Sharing on my personal Facebook also makes me nervous because when I’ve shared things about narcissism, C-PTSD & (rarely) my own experiences, some people I know have been less than supportive.  I’ve been told to get over it, I’m using C-PTSD for attention, I need to figure out how to work things out with my parents, they won’t be around forever & other invalidating, cruel things.  While I can handle their ignorance or spitefulness,  it’s just not something I care to deal with.  I’ve reached a point in my life where I’m simply tired of people who think I’m stupid, unreasonable, etc. or who project their own issues onto me.  I try to avoid that as much as possible, & putting things on my personal Facebook page, even just attempting to educate people, could potentially open the door for such people

 

So as I mentioned, I really could use some prayer to help me do whatever it is God would have me do.  Thank you so much, Dear Readers!  And, you’re in my prayers as well!  xoxo

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Cemented Beliefs

When a belief becomes an irrefutable fact in your mind, I think of it as being cemented in place.  When something is set in cement, it can later be moved, but it’s not easy to move it.  It takes a great deal of work to break down cement.

 

Beliefs are much the same way.  And, recently, I learned that while most beliefs are formed in childhood, some can be cemented while others are not.

 

Growing up, I learned that I didn’t matter other than what I could do for my parents.  Part of that meant if I was sick or injured, it wasn’t important- I needed to keep going rather than rest.  Even if it was really bad, it wasn’t particularly important.  In fact, when I had the chicken pox when I was in the fifth grade, I had a very nasty case.  It lasted for about two weeks.  My mother was so tired of staying home, & complained because my parents & I hadn’t gone out to dinner in so long.  She, my father & I went out to  dinner one night, even though I was still covered in sores.  As she drove out of the neighborhood, she told me to duck down in the backseat & hide since some neighborhood kids were playing outside.  She didn’t want them to see me.  She said if anyone at school mentioned seeing me, to tell them she was taking me to the doctor.

 

Things like this showed me I didn’t matter & that if I was sick or injured, I should keep on going rather than take care of myself, no matter what, & not bother anyone with my “petty” problems.  Thankfully I did start fighting against that belief once I became an adult, although it was a struggle.

 

Then, I married my husband.  He is of almost pure German decent.  As a result, he’s a hard worker & pretty tough. Very little gets him down, & he expects the same of me.

 

After getting extremely sick last year from carbon monoxide poisoning, I was unable to do my usual housework.  It wasn’t long before my husband was upset about having to do all of the chores.  I ended up resuming housework & cooking well before I felt able to do it (recovery from carbon monoxide poisoning can take months, even years, if recovery even happens, that is.).  I honestly believed I should stop being so lazy & get back to work.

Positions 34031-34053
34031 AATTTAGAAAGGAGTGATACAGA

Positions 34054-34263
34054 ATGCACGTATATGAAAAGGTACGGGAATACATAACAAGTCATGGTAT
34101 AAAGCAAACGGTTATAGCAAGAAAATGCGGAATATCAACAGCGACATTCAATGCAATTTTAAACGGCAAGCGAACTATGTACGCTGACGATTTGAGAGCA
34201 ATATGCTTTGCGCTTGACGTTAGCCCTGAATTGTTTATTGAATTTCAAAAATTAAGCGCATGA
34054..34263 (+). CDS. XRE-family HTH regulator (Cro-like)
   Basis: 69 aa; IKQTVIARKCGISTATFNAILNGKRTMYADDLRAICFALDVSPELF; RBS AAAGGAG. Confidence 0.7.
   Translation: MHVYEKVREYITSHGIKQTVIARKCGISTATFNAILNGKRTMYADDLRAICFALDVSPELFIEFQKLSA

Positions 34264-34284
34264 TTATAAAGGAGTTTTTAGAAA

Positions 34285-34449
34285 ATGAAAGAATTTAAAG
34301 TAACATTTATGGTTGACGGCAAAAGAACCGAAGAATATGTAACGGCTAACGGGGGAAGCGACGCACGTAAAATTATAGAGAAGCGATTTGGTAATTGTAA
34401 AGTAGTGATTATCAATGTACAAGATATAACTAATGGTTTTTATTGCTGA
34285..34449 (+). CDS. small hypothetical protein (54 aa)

Recently, I had a nasty flashback.  After the worst was over, I pushed myself to do things I needed to do around the house, in spite of feeling physically & emotionally drained.  I asked God why do I do this?  I know better!  I have C-PTSD & have had carbon monoxide poisoning along with a traumatic brain injury- I can’t just keep on going!  I need rest & lots of it, especially when something like a flashback happens.

 

God showed me the answer immediately.  My husband’s belief that I shouldn’t “let things get me down” cemented in me the belief that my parents tried to instill in me- I shouldn’t take time to rest/heal, no matter how much I need it, & don’t bother people with my problems.  Yes, I had fought against that belief, & even had made some strides in that area.  However, loving my husband & caring what he thinks of me puts him in a unique position in my life.  I don’t want to disappoint him.  Plus, feeling I should keep on going no matter what is such a habit.  I slid back into that dysfunctional pattern without thinking about it.

 

Has this happened to you too?  Are you living out dysfunctional patterns that you feel unable to break because they are cemented in your mind?

 

Dear Reader, don’t lose hope if your answer is yes.  God wants to help you as He is helping me.  He reminds me that it’s OK to take breaks, to sleep in, & take care of myself as needed.  He will do the same for you no matter what the stronghold is!  Simply ask Him,  “Why am I like this?  Please, Father, show me why!  Heal me & show me what I need to do on my end to stop this dysfunction in my life.”  I know, it sounds simple, but it really makes a huge difference!  Once you see the root cause of the bad behavior, you can heal.  It’s kind of like gardening.  If you want to rid your garden of weeds, you can pluck them, but they’ll come back soon.  If you dig them out by the root though, the weeds won’t come back.  Seeing the root of your bad behavior is much like digging that weed out.  You can see how wrong it was to have the bad belief put on you & let God fill your brain with good beliefs, with the truth.

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Anger Isn’t Always Bad